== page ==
What was supposed to be the 43rd Mudgee Small Farm Field Days has been postponed until early November because of COVID-19 restrictions and the lockdown.
- Mudgee Small Farm Field Days has been postponed to early November due to COVID restrictions
- It’s estimated the event used to generate more than $3 million for the Mudgee community
- Viticulturists say during the last 20 years, sustainable farming practices have become more popular
The event and agriculture industries in NSW’s central west have evolved during the past 20 years that the event has been staged.
More than two decades ago, viticulturist Gerry Norton-Knight was the chairman for the Mudgee Small Farm Field Days.
In 1998, the event was estimated to have attracted more than 450 exhibitors and up to 30,000 visitors, generating about $3 million for the Mudgee community.
Mr Norton-Knight said while the event does not attract the numbers it once did, it has been good for the town’s economy.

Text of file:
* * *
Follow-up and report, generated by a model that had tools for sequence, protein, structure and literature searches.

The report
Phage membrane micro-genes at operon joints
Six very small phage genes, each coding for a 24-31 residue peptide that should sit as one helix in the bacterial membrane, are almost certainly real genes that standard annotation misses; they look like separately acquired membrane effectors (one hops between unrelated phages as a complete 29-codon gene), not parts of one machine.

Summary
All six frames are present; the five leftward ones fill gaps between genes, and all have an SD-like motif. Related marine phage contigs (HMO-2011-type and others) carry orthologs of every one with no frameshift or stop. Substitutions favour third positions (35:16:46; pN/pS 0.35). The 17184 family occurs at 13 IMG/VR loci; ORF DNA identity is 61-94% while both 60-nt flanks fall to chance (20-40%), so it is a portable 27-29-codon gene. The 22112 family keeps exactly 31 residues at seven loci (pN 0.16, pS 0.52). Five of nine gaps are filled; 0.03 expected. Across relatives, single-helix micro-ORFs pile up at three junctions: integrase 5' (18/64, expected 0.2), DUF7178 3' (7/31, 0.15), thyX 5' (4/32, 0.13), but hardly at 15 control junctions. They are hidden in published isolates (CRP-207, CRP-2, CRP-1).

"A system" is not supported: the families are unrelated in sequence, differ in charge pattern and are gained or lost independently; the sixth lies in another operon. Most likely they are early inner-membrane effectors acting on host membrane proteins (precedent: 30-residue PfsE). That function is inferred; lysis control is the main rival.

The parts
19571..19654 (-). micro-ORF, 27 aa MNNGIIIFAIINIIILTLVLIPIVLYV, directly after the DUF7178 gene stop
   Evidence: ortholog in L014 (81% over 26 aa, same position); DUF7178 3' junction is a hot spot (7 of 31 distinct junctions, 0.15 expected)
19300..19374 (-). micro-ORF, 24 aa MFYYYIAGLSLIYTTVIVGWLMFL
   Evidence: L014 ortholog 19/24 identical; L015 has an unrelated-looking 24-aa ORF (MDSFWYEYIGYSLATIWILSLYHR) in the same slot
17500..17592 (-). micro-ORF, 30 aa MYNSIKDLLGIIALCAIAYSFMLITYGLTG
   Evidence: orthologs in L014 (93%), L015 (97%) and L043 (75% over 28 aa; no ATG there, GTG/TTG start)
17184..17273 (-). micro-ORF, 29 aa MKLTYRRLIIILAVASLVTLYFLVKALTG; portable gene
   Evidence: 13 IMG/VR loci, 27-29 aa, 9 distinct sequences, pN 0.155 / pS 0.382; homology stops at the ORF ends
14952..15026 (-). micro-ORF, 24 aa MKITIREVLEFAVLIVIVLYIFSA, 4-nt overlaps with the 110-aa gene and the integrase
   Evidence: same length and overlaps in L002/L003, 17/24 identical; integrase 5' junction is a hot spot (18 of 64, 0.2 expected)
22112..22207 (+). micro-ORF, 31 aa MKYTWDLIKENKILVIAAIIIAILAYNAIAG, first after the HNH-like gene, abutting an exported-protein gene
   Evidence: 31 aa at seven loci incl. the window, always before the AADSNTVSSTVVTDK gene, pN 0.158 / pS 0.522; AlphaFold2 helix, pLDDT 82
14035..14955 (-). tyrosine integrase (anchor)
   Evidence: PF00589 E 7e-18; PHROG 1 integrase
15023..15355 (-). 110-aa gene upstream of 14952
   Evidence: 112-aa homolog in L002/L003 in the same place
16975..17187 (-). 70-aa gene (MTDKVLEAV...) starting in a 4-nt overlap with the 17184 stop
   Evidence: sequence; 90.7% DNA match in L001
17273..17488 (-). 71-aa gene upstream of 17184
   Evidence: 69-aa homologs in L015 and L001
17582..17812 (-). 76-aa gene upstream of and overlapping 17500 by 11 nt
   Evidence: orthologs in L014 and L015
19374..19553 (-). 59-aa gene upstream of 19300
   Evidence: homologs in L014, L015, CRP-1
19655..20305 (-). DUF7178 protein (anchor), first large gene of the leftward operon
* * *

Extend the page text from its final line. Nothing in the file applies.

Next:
Mr Norton-Knight owns a small, 20-acre vineyard 10 kilometres north of Mudgee.
He bought the property in 1983, ran cattle, then in the early 1990s, switched to growing grapes and eventually created the wine label, Rosby Wines.
“I think we worked on about $2,000 an acre, we’re talking back in 1995, and that included preparing the ground, putting the irrigation in, the posts in, the trellising in,” he said.
“I’d expect it to be more [today]. So, it’s a matter of how you can share the jobs around … but I expect it would cost a minimum of $2,000 an acre.”
Mr Norton-Knight said the biggest change he has seen in farming and viticulture is the emergence of regenerative farming.
Impacts of climate change
In 1985, Julie Heslop of Heslop Wines bought a property across the road from her father’s place near Mudgee and established an eight-acre vineyard by hand.
Mrs Heslop said farmers and viticulturists were aware of climate change and the impacts it has on the land and crops.
“Because of the climate and the amount of drought we’ve had recently in the last 10 or 15 years, the health of the vines were suffering,” she said.
“I think that’s one of the main changes that I’ve seen, the effects of climate change and the way we personally are now looking after our vines.